Ovid in his Ibis mentions that Makelo, like the other Telchines, was killed with a thunderbolt;[38] according to Callimachus[39] and Nonnus,[36] however, Makelo was the only one to be spared. According to Bacchylides, the survivor is Dexithea[12][35]. Bacchylides also mentions that Dexithea later had a son Euxanthios by Minos.[40] This Euxanthios is also known from Pindar's works.[35]

In rare accounts, the Telchines were originally the dogs of Actaeon, who were changed into men.[3]

Genealogy[edit]

See also[edit]

Notes[edit]

  1. ^ Tzetzes on Theogony 80 with Bacchylides as the authority for Telchines' parentage, being sons of Nemesis and Tartarus.
  2. ^ a b Diodorus Siculus, Bibliotheca historica 5.55.1
  3. ^ a b c Eustathius on Homer, p. 771
  4. ^ a b Nonnus, Dionysiaca 14.36 ff
  5. ^ Hesychius s.v. Mylas
  6. ^ Stephanus of Byzantium s. v. Ataburon
  7. ^ Tzetzes, Chiliades 7.15 p. 124–125 & 12.51 p. 836–837
  8. ^ Zenob. Cent. 5, par. 41
  9. ^ Eustathius on Homer, p. 772
  10. ^ Callimachus, Aitia Fragment 75
  11. ^ Diodorus Siculus, Bibliotheca historica 5.55.4
  12. ^ a b Bacchylides, fr. 1
  13. ^ a b c d Strabo, Geographica 14.2.7
  14. ^ a b Pausanias, Graeciae Descriptio 9.19.1
  15. ^ Ovid, Metamorphoses 7.365
  16. ^ Eustathius ad Homer p. 291
  17. ^ a b Diodorus Siculus, Bibliotheca historica 5.55.2
  18. ^ Suida, Suda Encyclopedia s.v. Baskanoi kai goêtes
  19. ^ Eustathius ad Homer pp. 941 & 1391
  20. ^ Ovid, Metamorphoses 7.365
  21. ^ Diodorus Siculus, Bibliotheca historica 5.55.3
  22. ^ Strabo, Geographica 14.2.7 p. 653
  23. ^ Tzetzes, Chiliades 7.15 p. 126–127
  24. ^ Tzetzes, Chiliades 7.15 p. 128–132
  25. ^ Tzetzes, Chiliades 12.51 p. 839–840
  26. ^ Diodorus Siculus, Bibliotheca historica 5.55.5 ff
  27. ^ Callimachus, Hymn 4 to Delos 28 ff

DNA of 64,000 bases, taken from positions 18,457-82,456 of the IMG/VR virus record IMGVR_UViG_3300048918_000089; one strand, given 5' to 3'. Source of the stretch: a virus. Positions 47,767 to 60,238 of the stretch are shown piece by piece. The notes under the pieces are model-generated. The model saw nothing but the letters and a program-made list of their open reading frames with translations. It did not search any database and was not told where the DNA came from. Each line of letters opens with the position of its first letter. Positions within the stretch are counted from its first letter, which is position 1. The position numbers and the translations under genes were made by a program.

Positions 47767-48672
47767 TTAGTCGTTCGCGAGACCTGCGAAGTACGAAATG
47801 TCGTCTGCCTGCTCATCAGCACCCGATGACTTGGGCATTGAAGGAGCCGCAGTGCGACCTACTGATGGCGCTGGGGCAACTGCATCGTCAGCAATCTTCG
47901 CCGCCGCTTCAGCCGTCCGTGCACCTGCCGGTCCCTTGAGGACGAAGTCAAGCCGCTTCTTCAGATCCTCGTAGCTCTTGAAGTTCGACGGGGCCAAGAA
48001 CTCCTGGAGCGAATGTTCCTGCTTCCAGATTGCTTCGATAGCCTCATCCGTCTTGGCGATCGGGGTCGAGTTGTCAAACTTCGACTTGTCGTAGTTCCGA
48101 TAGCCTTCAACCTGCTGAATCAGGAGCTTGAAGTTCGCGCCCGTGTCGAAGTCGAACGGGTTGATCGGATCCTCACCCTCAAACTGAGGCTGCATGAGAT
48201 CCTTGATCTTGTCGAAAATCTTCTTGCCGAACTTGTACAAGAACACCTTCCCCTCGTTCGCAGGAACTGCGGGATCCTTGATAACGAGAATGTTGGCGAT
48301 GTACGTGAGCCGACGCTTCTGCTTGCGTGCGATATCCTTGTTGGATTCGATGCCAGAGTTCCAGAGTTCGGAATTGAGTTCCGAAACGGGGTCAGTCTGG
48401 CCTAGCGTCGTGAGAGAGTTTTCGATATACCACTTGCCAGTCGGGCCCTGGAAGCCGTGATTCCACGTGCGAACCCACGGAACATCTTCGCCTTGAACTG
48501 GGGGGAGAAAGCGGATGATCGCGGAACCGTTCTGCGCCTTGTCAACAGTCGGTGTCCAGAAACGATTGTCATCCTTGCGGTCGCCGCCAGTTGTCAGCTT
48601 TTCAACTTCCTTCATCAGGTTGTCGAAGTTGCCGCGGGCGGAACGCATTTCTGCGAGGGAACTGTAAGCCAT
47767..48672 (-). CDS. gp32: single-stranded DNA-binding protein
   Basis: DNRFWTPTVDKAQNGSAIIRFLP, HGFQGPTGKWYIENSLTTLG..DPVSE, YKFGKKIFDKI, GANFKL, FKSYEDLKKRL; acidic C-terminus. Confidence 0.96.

28. ^ Statius, Thebaid 2.265 ff
  29. ^ Strabo, Geographica 10.3.19
  30. ^ Compare Höck, Creta i. p. 345, Welcker, Die Aeschylus Trilogie, p. 182 & Lobeck, Aglaopham p. 1182
  31. ^ Strabo, Geographica 10.3.7
  32. ^ Strabo, Geographica 10.3.19 p. 653
  33. ^ Scholia ad Apollonius of Rhodes, Argonautica 1.1141
  34. ^ a b Ovid, Metamorphoses 7.365 ff
  35. ^ a b c Pindar, Paean 5
  36. ^ a b Nonnus, Dionysiaca 18.35
  37. ^ Servius, Commentary on Virgil's Aeneid 4.377
  38. ^ Ovid, Ibis 475
  39. ^ Callimachus, Aitia fr. 3.1
  40. ^ Confirmed by the account of Pseudo-Apollodorus, Bibliotheca 3. 1. 2
  41. ^ There are two major conflicting stories for Aphrodite's origins: Hesiod (Theogony) claims that she was "born" from the foam of the sea after Cronus castrated Uranus, thus making her Uranus' daughter; but Homer (Iliad, book V) has Aphrodite as daughter of Zeus and Dione. According to Plato (Symposium 180e), the two were entirely separate entities: Aphrodite Ourania and Aphrodite Pandemos.
  42. ^ Most sources describe Medusa as the daughter of Phorcys and Ceto, though the author Hyginus (Fabulae Preface) makes Medusa the daughter of Gorgon and Ceto.

References[edit]